It’s no secret that millions of women work in environments that present stress and discomfort. Though you aren’t alone if you deal with work stress, you do need to figure things out before more problems arise. By that, I mean adopting some coping skills to deal with stress and some understanding about why you allow yourself to stay on a stressful career path.
I believe that dealing with stress, whether it comes from a job, home, or another situation is necessary to maintain health and happiness. It is, therefore, my intention to help you do just that. No, I don’t know your specific situation, but I do know how important it is to be in touch with your needs, dreams, pain, and all emotions, for that matter.
Here are several ways to deal with work stress:
Know Why You Stay At Your Job
It’s important to be clear about your priorities in each area of your life. In this case, we’re talking about your job/career. Think about why you do what you do. Do you love what you do enough to put up with a stressful environment or person(s)? Of course, some jobs/careers wrote the book on job stress. And those first responders, ER docs/nurses, high school teachers, storm chasers, stock brokers, firefighters, and cops likely adore what they do. They are all in with the risks, stress, and rewards for putting themselves out there.
That said, if you feel that stress overshadows your love for the job you have, consider what you could do about that. Are you in a position to shift your responsibilities or delegate the tasks that stress you out? If not, allow yourself to imagine doing something you love somewhere else. Let’s talk about those two options in a little more detail below…
Tackle the Source of Stress Head-On
It might be possible to identify the specific things that are making you anxious and stressed out. If that’s the case, you could try to change certain aspects of your work life and see if it’s possible for you to cut out the stressful aspects of your job or to change them in some way. It might be as simple as talking to your boss about reducing the workload. If your issues stem from interacting with certain people, do talk to your boss about that, too. This is especially important if someone is harassing or crossing a line at work.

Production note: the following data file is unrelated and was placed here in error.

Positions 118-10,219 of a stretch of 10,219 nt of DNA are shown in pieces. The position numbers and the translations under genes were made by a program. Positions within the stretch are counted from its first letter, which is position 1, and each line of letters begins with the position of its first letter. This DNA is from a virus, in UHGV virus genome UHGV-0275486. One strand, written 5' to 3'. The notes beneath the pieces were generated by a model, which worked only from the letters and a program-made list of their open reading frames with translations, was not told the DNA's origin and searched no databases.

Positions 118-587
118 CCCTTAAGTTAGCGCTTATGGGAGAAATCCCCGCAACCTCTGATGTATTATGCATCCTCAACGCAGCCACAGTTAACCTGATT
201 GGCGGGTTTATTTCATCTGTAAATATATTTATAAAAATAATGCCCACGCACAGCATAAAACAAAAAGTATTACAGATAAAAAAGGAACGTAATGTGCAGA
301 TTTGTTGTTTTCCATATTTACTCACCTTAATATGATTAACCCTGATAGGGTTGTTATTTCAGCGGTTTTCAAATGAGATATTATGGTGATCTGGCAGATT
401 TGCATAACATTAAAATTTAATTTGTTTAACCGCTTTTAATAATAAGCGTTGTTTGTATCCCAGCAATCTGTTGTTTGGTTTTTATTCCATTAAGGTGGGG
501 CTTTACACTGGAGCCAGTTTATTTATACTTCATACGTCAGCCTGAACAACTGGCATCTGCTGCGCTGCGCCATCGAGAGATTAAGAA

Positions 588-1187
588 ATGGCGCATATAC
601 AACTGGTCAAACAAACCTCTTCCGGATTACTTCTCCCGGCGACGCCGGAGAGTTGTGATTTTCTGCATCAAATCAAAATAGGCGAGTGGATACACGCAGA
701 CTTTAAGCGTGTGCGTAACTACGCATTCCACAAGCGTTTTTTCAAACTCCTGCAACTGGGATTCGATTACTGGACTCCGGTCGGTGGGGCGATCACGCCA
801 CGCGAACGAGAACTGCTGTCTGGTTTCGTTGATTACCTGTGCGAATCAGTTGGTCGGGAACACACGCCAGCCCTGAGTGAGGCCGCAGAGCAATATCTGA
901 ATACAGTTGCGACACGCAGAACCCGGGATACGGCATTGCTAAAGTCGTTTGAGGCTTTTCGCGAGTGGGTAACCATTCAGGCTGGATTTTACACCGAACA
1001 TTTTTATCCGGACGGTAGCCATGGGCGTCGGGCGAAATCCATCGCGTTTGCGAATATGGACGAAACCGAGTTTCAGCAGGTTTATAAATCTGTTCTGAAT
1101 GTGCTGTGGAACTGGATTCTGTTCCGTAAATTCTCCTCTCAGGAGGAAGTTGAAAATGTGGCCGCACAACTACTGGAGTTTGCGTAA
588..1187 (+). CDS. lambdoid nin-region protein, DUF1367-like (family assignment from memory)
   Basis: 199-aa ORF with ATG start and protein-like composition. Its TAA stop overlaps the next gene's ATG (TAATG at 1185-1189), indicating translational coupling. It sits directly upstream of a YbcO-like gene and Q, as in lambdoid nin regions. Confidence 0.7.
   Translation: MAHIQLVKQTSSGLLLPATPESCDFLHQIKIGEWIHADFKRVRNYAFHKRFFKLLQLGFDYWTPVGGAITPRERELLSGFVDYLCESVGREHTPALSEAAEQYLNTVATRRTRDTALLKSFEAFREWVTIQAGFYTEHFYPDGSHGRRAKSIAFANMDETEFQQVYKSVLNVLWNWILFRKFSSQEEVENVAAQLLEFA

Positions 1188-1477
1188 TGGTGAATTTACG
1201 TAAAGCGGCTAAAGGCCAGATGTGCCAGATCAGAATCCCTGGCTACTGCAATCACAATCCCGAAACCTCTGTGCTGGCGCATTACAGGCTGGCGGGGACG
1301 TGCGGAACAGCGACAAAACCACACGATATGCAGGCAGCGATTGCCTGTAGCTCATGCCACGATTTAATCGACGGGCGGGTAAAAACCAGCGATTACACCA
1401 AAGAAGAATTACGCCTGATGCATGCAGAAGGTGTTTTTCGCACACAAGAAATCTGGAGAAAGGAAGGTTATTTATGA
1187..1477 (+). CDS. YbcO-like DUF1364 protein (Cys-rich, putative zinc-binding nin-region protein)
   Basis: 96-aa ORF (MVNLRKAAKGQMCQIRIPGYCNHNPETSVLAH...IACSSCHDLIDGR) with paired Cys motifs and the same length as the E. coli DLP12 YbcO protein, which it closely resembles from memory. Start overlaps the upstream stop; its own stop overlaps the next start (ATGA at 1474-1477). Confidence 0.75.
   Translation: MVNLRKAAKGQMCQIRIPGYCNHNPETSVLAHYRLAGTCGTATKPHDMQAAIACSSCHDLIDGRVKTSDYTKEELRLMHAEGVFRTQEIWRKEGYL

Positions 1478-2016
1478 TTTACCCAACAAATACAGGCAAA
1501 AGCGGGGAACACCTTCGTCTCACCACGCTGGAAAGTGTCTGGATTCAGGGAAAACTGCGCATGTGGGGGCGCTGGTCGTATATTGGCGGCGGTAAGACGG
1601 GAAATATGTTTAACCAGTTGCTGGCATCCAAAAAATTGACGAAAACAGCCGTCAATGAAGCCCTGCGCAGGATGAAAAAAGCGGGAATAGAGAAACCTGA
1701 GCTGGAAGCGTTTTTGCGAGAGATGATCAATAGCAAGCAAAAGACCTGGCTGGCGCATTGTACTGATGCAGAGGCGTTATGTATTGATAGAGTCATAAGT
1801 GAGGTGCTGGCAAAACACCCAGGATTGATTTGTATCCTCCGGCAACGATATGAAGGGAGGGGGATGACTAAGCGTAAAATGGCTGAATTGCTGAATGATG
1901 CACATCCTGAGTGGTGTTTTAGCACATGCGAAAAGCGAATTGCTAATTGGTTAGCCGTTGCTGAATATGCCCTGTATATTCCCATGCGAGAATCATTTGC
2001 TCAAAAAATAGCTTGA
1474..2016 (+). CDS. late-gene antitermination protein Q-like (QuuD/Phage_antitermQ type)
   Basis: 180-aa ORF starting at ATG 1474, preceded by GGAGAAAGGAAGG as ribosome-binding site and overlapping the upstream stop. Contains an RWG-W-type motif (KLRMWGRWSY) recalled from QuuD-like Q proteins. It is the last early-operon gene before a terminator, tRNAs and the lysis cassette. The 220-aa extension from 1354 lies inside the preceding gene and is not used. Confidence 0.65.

Look for Alternative Jobs
If your job is getting you down and it’s placing a huge emotional strain on you, it might be time to look at other opportunities in your field. I understand that leaving your job might not be the best option right now, but I encourage you to be open-minded about it. Simply setting an intention to be open to new opportunities could help shift your perspective. If you do pursue looking for something else, focus on finding a job that fits your passions and personality.
Find Ways to Relax Outside of Work
Finding ways to relax outside of work is essential for giving your mind and body time to rest. This starts with establishing a good work-life balance and spending ample time caring for yourself when you’re not focused on work. Think about what brings you joy and fulfills your interests. Try not to filter your desires and just do you! It’s OK to veg out and catch up on some TV shows. And, you’ll be glad to know that you can watch Hulu with VPN from anywhere! No matter how you relax and how long, be present and feel the experience completely.
Cut Yourself Some Slack
Often, work pressure doesn’t come from external forces but ourselves. If constantly expect yourself to do more and do it perfectly, your unrealistic demands could be hurting you. Stress is no joke. It can create emotional, physical, and mental health problems if you don’t deal with work stress. It’s important to know your limits and take full responsibility for creating a schedule that reflects this. Additionally, if you need help, ask for it!
When your job is stressful, you might be tempted to just keep the peace and do nothing. Although that might work for a while, eventually, it will catch up with you. Recognize what needs to change at your job and take the necessary steps to make it happen. I do recommend that you think through all of your options before making any decisions. Remember, change can be stressful as well.